Every guitarist secretly wishes they could play like Steve Vai or Yngwie Malmsteen at some point in their lives, even if they are not fans of that style of music. The truth is that even if you are not a fan of "Shred Guitar" style playing, you need to be able to play fast every now and again.......Not convinced? Read on...
Why buy a Ferrari capable of doing 200mph if you live in the UK where the maximum you are legally allowed to drive at is 70mph? Would you get into a lift full of 15 people unless you knew it had been tested to a maximum capacity of 21 persons even though you probably couldn't actually squeeze that many inside!!
It's all about being well within safety margins. Sure, you can't drive the Ferrari at 200mph anywhere in the UK but it's going to be a dream to drive at 70mph and you will have no worries about wearing the engine out. Likewise the elevator is going to have an easy time hauling 15 people up and down all day, well within its maximum safety load.
So next time you're playing your favourite guitar solo and that fast passage comes up, wouldn't it be better to know you can easily play it at an even faster tempo if you had to? No more nerves, no more tensing up and no more onstage panic as it approaches. Knowing that what you actually have to play is well within your comfort zone.
Just how do you elevate the level of your picking to increase the speed of your ability?
Well, obviously enough, the answer is to make playing fast as easy as possible and you do that by becoming more efficient in the way you pick each note. Less effort equals more time and energy saved that can help increase your speed easily and effortlessly.
A good place to start focusing on is the amount of up/down motion you use when actually striking the string. Once the note has been picked and the string is vibrating and sounding the note, any further pick movement away from the direction of the string is wasted movement. Wasted movement means time wasted returning back to the string and hence a delay before striking the next note. So aim to eliminate as much excess movement as possible by trying to keep the pick as close as possible to the string at all times.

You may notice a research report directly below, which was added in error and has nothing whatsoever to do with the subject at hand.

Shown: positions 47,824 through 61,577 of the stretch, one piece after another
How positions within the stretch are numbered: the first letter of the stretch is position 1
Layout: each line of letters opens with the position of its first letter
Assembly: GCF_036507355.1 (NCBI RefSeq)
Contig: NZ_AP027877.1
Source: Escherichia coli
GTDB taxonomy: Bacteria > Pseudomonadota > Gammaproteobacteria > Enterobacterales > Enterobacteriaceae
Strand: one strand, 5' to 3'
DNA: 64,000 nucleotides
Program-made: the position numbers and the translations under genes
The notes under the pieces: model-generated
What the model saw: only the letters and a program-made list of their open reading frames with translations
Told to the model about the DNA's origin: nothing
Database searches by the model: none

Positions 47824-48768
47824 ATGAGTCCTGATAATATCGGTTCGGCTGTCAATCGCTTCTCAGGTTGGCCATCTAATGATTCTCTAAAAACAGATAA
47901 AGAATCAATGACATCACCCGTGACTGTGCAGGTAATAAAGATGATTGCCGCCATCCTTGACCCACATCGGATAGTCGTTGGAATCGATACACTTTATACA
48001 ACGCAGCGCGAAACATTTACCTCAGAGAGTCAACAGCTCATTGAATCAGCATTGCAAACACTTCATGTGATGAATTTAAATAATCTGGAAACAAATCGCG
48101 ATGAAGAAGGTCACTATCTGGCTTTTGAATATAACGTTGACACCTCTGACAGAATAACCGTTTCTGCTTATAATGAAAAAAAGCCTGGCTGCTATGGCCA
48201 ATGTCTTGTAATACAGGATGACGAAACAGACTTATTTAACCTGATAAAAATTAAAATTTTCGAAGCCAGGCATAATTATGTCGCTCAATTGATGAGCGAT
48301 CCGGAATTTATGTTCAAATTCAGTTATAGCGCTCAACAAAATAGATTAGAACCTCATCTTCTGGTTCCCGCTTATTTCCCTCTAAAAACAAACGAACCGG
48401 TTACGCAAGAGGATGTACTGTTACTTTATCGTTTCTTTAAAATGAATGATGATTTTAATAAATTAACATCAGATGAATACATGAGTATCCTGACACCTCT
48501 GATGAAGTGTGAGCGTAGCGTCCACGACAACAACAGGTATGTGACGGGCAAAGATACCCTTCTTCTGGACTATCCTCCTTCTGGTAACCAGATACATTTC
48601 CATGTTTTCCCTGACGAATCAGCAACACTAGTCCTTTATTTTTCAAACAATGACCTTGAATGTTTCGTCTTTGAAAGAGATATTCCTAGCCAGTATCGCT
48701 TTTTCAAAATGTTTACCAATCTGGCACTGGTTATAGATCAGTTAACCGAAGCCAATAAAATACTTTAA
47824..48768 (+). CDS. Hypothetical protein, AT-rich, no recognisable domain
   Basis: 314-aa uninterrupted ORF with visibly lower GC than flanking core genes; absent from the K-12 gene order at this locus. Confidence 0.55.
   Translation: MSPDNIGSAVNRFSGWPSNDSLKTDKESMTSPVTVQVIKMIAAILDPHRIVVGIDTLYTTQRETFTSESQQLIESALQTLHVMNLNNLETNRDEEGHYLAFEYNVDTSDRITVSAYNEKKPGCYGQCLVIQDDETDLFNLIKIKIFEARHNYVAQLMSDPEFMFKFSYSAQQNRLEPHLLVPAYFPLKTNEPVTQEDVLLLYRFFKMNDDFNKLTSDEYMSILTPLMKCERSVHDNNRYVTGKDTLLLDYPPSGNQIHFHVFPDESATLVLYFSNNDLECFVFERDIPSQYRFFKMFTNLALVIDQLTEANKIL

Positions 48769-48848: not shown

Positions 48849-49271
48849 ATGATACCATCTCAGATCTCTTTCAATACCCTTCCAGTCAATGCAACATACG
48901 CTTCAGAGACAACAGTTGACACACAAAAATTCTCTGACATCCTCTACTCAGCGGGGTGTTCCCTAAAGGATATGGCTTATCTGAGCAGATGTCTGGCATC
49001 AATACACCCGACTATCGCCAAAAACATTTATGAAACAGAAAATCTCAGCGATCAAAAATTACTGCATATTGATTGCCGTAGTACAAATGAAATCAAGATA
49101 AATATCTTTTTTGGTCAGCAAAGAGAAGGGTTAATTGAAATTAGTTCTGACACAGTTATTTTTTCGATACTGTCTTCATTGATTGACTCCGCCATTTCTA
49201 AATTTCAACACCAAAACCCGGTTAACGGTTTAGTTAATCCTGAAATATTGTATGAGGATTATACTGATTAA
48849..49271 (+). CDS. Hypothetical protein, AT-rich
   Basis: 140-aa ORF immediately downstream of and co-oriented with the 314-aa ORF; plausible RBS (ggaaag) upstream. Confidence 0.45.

Next consider how much of the tip of the pick is actually needed to play the string, also know as "Depth Gauging". Logic suggests that if you are 'digging in' too deep then you are using much more effort as you "muscle through" the string. So playing on the very tip of the pick is the way to go. The amount of effort needed to pick the string will be less and as a result you will find the whole procedure of plucking a note easier.
Try to relax as you play fast passages. Easier said than done sometimes though. If you tend to tense up on faster passages this will definitely cause you to slow down, and in a live gig situation this can be even worse. Again, if you can play something faster than you actually need to play it at, you wont even think anything off blasting out a super speedy scalar run at 140bpm if you can play the thing at 180bpm already.
Luckily there is a device that can not only help you achieve picking perfection, it can also physically prevent you from playing in an inefficient way at the same time. Developed at the world famous Berklee College of Music in the USA, the Stylus Pick has helped thousands of guitarists since its inception, its unique shape and design will stop you when you play things wrong, yet help you when you pick them in the correct manner.
Why not give a Stylus Pick a try and see how you get along? Most users tend to report that starting their practice session with a Stylus pick for 10-15 minutes before moving back to their regular guitar pick reaps MASSIVE rewards in picking and now incorporate it into their daily workout.
We ship these devices worldwide and if you are in the UK , delivery is completely FREE and with huge savings on bulk orders, there's no reason why you shouldn't give it a try and start seeing the benefits right away.